And they actually used that unwritten law to bring the lawsuit. So they rejected this concept of written law because they find that European emphasis on written law actually undermines their interpretation or expansiveness of their customary or unwritten law at the tribal level. The reason why I'm telling you this story is that a couple weeks ago, the city of Seattle settled that case and agreed to put fish passage in around the hydroelectric dams.

So rights of nature case filed by the tribe in their own way in terms of unwritten, customary law, city of Seattle, basically bowing down at the end, at least, to this demand and putting it into their FERC license to achieve this fish passage. So that's happened with the Sauk-Suiattle tribe, with other tribes, they don't have much of an issue with the written law part because frankly, they've been screwed for centuries trying to use conventional [00:35:00] tools.

They understand that this is about indigenous value systems being involuntarily forced into a Western legal system, and that the only way to do that is through written law.

Bollier: I’m excited to hear all of that because of course, customary law lies at the heart of the commons as well, and has usually been superseded by positive law, so-called, or legislatively made law.

But I've always been curious about how customary law can be honored while still respecting some of the more positive things we like about liberal jurisprudence. There's a lot of customary practices that are arguably antisocial or inhuman, the kind of bigotry that we saw in the pre-civil rights movement; that was customary.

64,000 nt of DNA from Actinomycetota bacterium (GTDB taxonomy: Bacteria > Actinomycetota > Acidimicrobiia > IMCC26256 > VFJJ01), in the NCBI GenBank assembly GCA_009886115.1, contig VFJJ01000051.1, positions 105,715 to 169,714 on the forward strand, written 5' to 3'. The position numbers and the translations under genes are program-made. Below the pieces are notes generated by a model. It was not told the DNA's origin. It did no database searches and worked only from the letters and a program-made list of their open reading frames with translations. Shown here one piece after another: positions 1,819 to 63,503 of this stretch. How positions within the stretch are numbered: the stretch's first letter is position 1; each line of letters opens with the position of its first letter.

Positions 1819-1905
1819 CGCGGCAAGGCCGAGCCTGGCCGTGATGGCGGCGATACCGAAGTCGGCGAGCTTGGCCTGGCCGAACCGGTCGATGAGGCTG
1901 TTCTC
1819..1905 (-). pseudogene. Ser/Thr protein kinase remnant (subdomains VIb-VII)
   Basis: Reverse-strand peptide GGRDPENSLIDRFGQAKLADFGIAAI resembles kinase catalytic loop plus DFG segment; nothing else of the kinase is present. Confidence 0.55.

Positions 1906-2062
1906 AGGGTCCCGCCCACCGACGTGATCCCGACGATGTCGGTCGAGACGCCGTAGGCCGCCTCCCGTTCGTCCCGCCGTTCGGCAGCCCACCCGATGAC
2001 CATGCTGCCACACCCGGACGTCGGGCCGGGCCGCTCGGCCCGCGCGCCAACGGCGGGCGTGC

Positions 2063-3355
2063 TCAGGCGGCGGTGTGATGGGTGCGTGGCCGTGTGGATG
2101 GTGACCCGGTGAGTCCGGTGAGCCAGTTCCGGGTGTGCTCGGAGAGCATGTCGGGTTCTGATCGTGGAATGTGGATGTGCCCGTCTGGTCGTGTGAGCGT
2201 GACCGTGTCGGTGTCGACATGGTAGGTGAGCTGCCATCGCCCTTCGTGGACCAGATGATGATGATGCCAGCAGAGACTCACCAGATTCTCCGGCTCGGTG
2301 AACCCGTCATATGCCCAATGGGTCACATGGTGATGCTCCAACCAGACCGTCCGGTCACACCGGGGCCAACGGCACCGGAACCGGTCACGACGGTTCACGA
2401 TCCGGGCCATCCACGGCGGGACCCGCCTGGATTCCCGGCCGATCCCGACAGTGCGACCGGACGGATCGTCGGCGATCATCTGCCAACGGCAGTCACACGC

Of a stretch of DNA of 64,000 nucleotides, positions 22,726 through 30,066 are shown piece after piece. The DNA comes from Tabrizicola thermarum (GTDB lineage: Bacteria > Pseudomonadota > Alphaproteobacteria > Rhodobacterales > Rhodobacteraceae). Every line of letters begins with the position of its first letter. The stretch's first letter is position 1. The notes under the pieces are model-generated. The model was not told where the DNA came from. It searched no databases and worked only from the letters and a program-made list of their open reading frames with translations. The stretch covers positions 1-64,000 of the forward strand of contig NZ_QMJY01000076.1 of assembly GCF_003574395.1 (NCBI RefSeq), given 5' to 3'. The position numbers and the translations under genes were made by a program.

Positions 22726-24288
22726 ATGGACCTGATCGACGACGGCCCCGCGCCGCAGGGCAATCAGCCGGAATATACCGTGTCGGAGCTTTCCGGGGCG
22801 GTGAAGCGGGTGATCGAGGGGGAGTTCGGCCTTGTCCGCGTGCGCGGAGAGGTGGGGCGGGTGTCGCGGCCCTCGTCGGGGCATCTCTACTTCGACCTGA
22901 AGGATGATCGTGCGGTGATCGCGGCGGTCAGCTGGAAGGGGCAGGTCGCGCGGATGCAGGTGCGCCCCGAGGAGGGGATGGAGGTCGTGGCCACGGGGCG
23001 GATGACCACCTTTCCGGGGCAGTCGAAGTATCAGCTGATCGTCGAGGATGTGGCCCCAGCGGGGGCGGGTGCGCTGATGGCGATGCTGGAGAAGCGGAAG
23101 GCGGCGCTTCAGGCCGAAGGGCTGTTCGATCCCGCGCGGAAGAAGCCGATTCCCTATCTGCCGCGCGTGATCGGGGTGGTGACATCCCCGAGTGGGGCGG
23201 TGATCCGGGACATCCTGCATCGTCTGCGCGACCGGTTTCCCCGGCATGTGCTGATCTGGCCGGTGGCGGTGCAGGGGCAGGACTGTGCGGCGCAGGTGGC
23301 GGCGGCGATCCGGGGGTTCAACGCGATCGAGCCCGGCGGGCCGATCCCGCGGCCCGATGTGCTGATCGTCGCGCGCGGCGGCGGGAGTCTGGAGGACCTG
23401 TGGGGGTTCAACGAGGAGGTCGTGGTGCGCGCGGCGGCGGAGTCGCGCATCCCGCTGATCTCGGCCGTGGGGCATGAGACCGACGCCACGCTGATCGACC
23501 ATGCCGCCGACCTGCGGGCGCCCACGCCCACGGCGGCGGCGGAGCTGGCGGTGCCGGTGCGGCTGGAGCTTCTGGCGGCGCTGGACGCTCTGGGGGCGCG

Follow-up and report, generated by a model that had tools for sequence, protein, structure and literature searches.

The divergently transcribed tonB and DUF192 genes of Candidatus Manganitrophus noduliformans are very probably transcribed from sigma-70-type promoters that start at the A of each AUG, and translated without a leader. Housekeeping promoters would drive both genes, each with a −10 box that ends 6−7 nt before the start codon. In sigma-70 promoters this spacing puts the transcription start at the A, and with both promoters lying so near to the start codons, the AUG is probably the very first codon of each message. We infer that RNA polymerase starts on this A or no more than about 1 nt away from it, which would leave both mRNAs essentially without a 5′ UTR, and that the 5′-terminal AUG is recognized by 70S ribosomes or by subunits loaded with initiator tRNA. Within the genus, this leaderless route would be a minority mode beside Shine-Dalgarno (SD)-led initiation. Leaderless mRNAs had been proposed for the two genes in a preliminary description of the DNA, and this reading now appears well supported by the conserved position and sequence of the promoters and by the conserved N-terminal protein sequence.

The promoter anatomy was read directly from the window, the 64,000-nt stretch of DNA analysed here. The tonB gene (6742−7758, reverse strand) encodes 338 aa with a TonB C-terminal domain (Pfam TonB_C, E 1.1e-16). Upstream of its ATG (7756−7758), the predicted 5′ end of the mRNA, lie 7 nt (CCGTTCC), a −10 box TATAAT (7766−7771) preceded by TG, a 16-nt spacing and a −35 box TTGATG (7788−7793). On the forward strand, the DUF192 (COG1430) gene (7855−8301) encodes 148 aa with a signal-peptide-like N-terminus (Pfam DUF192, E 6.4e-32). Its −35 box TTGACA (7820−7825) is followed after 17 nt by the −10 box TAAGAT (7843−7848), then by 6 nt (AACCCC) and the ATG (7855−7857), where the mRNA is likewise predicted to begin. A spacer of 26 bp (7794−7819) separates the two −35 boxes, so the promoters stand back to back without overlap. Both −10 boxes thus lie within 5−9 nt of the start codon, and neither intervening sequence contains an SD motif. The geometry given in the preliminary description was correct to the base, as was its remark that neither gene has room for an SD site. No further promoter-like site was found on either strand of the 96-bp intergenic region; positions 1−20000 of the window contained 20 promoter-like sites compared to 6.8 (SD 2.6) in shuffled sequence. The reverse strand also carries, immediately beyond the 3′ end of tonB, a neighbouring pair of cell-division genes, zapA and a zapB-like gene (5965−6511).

Do you have any ideas about how custom can and should be honored and maybe not honored?

Linzey: Yeah, I think it depends on, on what the custom is, what the value is. So there's always a substantive component to this. It's not all just rules about what elevates [00:36:00] itself over what, but I think there are two real issues that emerge. With tribal communities, it's about the fact that even the use of the word rights is really a European concept. That rights themselves are a European concept, so we have to kind of navigate that, that the concept itself is just another colonizer to the tribe that they're forced to use this language of rights. But I think we've navigated that and the tribes themselves have navigated it by thinking to themselves that their rights are just another way of explaining the relationship that tribes have, at least in part, with nature that's different from the Western stuff.